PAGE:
A brief update to bring the blog current: first, I moved back to the US at the start of August. Between packing, shipping, and visiting family, I’ve had my hands full and not a lot of time to update the blog. So, some quick updates by category: work, radio, IF, electronics, computer stuff, and Greek.
I’m back at the US NCI’s headquarters office in Rockville, Maryland in the Center for Global Health. For the most part, my portfolio still focuses on international clinical research collaboration, but given the relocation I’ll be shifting my focus away from Sub-Saharan Africa. In line with the WHO’s push on cervical cancer, I’ll be spending some of my time working on cervical cancer-related projects, but I’m also hoping to carve out some time to focus on rare cancers and “big data”.
During the last couple months in Madagascar, my station got packed up progressively: 100W and a hexbeam, 25W and a dipole, 5W and an end-fed. As power dropped in the last couple months, I focused on FT-8 and racked up something like 2000 additional contacts. That pushed me over the top of DXCC on 17M and added a bunch of contacts on 30M, where I had never really had an effective antenna. My logging computer just arrived in Maryland, and I’ve updated all QSO data on LOTW, eQSL and forwarded a copy to my QSL manager for 5R8SV, so cards should be headed out shortly. As for operations in the US, I’ve unpacked and built a bench, but have not yet put an antenna in place. I’ll have a subsequent post about setting up the new station and objectives for the next year.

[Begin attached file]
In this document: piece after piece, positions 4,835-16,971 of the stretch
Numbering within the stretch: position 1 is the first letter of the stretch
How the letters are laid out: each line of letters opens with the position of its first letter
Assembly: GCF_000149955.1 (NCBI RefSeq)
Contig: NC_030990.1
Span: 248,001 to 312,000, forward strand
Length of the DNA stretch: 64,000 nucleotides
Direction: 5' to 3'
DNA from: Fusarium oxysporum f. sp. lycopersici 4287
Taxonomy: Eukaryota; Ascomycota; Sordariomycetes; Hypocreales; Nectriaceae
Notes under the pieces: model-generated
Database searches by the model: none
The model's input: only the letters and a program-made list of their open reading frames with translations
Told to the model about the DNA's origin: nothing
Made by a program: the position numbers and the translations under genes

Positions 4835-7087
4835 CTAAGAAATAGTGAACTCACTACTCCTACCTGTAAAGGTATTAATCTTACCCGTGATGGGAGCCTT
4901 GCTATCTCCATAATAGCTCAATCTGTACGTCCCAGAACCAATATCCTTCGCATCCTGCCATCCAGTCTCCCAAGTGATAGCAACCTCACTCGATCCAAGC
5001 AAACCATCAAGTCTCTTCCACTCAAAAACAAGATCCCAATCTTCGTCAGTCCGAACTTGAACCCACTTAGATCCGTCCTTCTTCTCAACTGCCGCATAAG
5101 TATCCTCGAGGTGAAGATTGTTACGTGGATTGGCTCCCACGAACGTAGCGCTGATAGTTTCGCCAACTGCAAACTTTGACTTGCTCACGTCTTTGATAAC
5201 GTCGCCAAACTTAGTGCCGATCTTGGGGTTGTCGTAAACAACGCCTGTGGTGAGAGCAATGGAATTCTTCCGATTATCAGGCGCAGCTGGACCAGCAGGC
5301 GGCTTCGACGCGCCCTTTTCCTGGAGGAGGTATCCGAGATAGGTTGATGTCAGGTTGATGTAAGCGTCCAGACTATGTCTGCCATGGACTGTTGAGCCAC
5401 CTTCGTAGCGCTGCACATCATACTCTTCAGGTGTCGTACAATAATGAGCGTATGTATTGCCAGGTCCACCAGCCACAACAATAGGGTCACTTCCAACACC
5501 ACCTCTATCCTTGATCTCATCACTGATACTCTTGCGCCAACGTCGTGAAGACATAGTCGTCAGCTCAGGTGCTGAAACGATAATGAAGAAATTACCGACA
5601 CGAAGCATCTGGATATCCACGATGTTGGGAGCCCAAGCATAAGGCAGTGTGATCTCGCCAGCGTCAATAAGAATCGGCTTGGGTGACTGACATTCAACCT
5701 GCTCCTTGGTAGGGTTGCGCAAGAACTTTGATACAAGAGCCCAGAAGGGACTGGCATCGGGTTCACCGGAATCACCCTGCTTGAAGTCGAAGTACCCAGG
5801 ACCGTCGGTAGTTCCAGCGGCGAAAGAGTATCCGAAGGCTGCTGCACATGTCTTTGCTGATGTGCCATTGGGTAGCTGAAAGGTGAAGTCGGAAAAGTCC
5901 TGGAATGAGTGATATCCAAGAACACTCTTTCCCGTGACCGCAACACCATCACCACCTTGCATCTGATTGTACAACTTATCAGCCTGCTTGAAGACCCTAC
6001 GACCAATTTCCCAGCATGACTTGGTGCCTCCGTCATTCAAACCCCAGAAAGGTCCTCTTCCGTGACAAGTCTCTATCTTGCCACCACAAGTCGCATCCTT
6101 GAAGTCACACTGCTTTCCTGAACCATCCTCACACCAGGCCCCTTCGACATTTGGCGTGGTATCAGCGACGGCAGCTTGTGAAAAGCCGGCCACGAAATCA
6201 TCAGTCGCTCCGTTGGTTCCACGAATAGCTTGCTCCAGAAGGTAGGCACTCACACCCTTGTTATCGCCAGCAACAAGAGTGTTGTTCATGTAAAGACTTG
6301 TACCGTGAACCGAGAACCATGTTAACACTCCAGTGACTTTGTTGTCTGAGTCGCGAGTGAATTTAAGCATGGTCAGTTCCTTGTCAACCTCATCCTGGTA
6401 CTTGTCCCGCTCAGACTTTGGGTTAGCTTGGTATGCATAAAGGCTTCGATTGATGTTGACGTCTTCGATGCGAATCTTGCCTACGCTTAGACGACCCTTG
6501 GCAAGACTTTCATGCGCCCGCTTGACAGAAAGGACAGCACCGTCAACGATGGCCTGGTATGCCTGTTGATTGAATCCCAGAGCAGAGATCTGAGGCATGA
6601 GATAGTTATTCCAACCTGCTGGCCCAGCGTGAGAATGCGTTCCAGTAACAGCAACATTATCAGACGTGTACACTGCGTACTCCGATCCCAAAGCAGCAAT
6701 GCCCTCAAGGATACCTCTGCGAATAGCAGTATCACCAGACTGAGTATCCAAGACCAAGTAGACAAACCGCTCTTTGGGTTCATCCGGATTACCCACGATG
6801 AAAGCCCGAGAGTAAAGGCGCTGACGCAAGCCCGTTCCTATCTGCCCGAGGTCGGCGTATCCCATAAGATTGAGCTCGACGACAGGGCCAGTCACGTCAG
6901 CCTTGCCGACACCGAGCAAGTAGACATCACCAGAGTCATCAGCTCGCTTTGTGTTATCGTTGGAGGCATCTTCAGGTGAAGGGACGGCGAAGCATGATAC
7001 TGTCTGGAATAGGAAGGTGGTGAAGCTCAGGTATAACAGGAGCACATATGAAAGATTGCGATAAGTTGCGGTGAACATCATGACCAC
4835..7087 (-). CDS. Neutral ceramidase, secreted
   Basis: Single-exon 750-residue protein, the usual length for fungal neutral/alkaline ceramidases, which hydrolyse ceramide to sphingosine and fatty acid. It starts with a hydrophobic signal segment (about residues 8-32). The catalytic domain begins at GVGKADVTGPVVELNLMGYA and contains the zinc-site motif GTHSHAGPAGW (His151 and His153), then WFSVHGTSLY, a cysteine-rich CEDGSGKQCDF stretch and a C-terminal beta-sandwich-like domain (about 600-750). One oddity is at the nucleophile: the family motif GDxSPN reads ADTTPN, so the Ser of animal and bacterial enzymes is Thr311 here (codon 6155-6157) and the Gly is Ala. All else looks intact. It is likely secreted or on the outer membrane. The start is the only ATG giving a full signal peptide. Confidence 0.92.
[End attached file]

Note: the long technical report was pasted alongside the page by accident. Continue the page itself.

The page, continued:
While moving, I knew I’d always have a computer at hand, so I have focused on IF over the last couple months. Ben Collins-Sussman and I spent most of August working on our submission for the Cragne Manor project, let by Ryan Veeder and Jenni Polodna in which more than 80 writers contributed text to a single game. It’s a big job to combine and test all that code, so that megagame will probably come out in a couple months. Meanwhile, the 2018 IFcomp is launching today, and I’ll have two games in it; some brief comments on that over here on the blog.
Aside from hardware needed to put up my ham station, most of my tools and almost all of my component inventory have been shipped ahead to Cyprus for next year, so this will be a “by” year in terms of electronic projects, although I suppose I might spend some time on design and simulation.
We’re planning to move to Nicosia, Cyprus next year, so it wouldn’t hurt to learn some Greek. My understanding is that English is used widely on Cyprus given historical ties to the UK, but I don’t need a lot of encouragement to study a new language. In addition to making life easier in Cyprus it should also come in handy for trips to Greece. Turkish would be helpful as well, but I’m hoping to pick that up to some degree over the three years that we’ll be in Cyprus.